These and other features of the invention, as herein described and claimed, will be apparent from the following detailed description taken in connection with the accompanying drawings, in which Fig. 1 is a view in front elevation of a portion of a lock stitch shoe sole sewing machine including a shuttle and a locking thread supply retainer embodying the features of the present invention;

Fig. 2'is a detail view in front elevation of the shuttle and retainer, including a raceway for the shuttle in the IIIIII of Fig. 2, illustrating the position of the thread pressure member shown in Fig. 3 during withdrawal of thread.

The illustrated machine is a lock stitchshoe outsole sewing machine similar to that disclosed in the Gouldbourn et al. patent above identified, having stitch-forming, and work supporting and feeding devices including a curved hook needle 2, a needle looper. 4, a thread finger 6, aloop spreader 8, acontinuously rotating shuttle 10, a work support 12, and a presser foot 14, all operating in a manner described more fully'in the patent. The shuttle is hollow and is formed in two parts secured rigidly together and having between them a circular recess into which is fitted a flanged raceway plate 16 secured rigidly to the frame of the machine. Instead of providing a locking thread supply case rotatably mounted within the shuttle,v

as in the patented machine, the illustrated machine is equipped with a locking thread supply retainer 18 removably mounted on the shuttle and arranged torotate with the shuttle in such a way that a modifying twist is impressed upon the thread extending from the retainer toward the work. Advantage is taken of. the modifying twist impressed upon the thread in the provision of a relatively hard' twisted threadarranged to be partially untwisted by the rotation of the shuttle and the thread re-- tainer during operation of the machine. By so. doing the locking thread is more readily formed into stitches and drawn more uniformly to a fixed depth within the work by the other stitch-forming devices, the thread. being rendered more flexible and of softer texture. by reason of. the untwisting action.

The thread retainer 18 is formed with a central sleeve portion upon which is rotatably mounted a flanged bobbin 20 for carrying the supply of locking thread. The sleeve portion of the retainer 18 has a central bore of a diameter.

tolfit' a spindle 22 secured on the rear wall of the shuttle,

the; parts of the shuttle providing a cylindrical recess into which the bobbin is received and the retainer having at its forward end a radial flange portion forming a cover for the bobbin receiving recess of the shuttle. To insure that the supply retainerlS rotates uniformly with the shuttle a circumferential portion of the flange n the retainer is cut away leaving a lip to fit beneath a plate 24 (see Fig. 2) secured to the shuttle. To enable the removal of the retainer from the shuttle the plate 24 has an integral pin 26 rotatably mounted on the shuttle and a spring-pressed ball 28 fits a depression on the under side of the plate. When the plate is rotated in a clockwise direction as viewed in Fig. 2, it clears the retainer for easy removal; otherwise, the locking thread supply retainer has no further need for means of securement within the shuttle as by a separate swinging plate engaging its outer exposed face, as in the machine of the prior patent. However, such a plate is illustrated at 29 in Fig. l, but this plate is used only to control the movements of the needle thread.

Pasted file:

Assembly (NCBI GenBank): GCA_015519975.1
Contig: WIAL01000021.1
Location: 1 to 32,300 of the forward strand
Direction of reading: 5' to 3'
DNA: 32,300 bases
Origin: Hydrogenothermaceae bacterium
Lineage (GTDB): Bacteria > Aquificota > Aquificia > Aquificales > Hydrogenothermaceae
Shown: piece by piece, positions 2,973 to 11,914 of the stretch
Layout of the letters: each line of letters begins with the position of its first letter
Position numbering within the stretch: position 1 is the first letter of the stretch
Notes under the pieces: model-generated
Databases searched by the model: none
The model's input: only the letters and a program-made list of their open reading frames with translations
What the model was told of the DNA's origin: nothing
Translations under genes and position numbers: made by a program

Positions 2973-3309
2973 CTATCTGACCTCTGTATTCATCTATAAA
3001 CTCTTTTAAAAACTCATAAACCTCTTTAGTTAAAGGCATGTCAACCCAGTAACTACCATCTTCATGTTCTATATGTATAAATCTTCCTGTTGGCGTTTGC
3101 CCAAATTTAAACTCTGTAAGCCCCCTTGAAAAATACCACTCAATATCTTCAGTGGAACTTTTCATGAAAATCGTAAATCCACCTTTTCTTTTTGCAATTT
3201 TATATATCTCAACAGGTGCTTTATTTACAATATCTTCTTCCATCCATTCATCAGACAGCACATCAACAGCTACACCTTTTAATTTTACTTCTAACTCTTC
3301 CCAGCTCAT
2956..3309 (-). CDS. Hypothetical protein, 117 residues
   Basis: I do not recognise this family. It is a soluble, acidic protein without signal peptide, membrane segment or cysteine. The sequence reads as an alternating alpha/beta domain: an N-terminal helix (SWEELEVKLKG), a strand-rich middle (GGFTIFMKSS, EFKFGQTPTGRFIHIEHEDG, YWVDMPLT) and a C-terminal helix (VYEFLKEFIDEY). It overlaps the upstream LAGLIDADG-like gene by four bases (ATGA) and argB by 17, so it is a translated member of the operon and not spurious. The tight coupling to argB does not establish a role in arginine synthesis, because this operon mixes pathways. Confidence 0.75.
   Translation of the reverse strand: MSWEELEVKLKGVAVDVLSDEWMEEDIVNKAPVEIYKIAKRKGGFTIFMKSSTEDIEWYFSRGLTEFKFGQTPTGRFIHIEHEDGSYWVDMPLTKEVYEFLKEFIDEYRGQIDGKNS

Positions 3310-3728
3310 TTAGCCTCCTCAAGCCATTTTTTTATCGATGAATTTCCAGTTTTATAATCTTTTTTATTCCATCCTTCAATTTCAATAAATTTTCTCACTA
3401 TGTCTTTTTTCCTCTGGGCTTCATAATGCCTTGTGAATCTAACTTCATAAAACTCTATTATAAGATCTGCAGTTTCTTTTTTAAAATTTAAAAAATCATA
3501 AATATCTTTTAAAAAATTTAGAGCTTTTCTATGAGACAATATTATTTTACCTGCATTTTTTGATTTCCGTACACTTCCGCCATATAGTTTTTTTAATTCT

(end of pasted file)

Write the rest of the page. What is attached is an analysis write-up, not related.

To prevent overrunning of the bobbin 20 and any possibility of the modifying twist imparted to the locking thread between the shuttle and the work from working its way back into the retainer recess within the shuttle in a manner to entangle or otherwise disturb the free withdrawal of thread, theillustrated shuttle is equipped with a novel pressure member 30 engaging directly with a portion of the thread, which pressure member is mounted yieldingly on the thread supply retainer to force the thread laterally into live frictional contact with the bobbin.

The pressure member 30 has a flat friction surface 32 formed at its free end, and an angular thread guide arm 34 rotatable for free swinging movement relatively to and independently of the retainer on a pin 36, supported in an arcuate wall of the locking thread supply retainer 18, the arcuate wall portion of the retainer being slotted to receive the pressure member 30 and the free end of the pressure member extending along an outer flange of the bobbin towards its center of rotation.

The locking thread contained on the bobbin is indicated at 38 and is unwound from the bobbin by intermittent pull on the thread extending from the thread retainer, which pull is exerted by each needle loop as it is drawn into the work to set each stitch. Inherently the motion of thread withdrawal is intermittent and at high speed, producing a strong rotational tendency for the bobbin to overrun and unwind thread within the recess in the shuttle for the thread retainer. For this reason there is danger that the locking thread will become entangled and broken.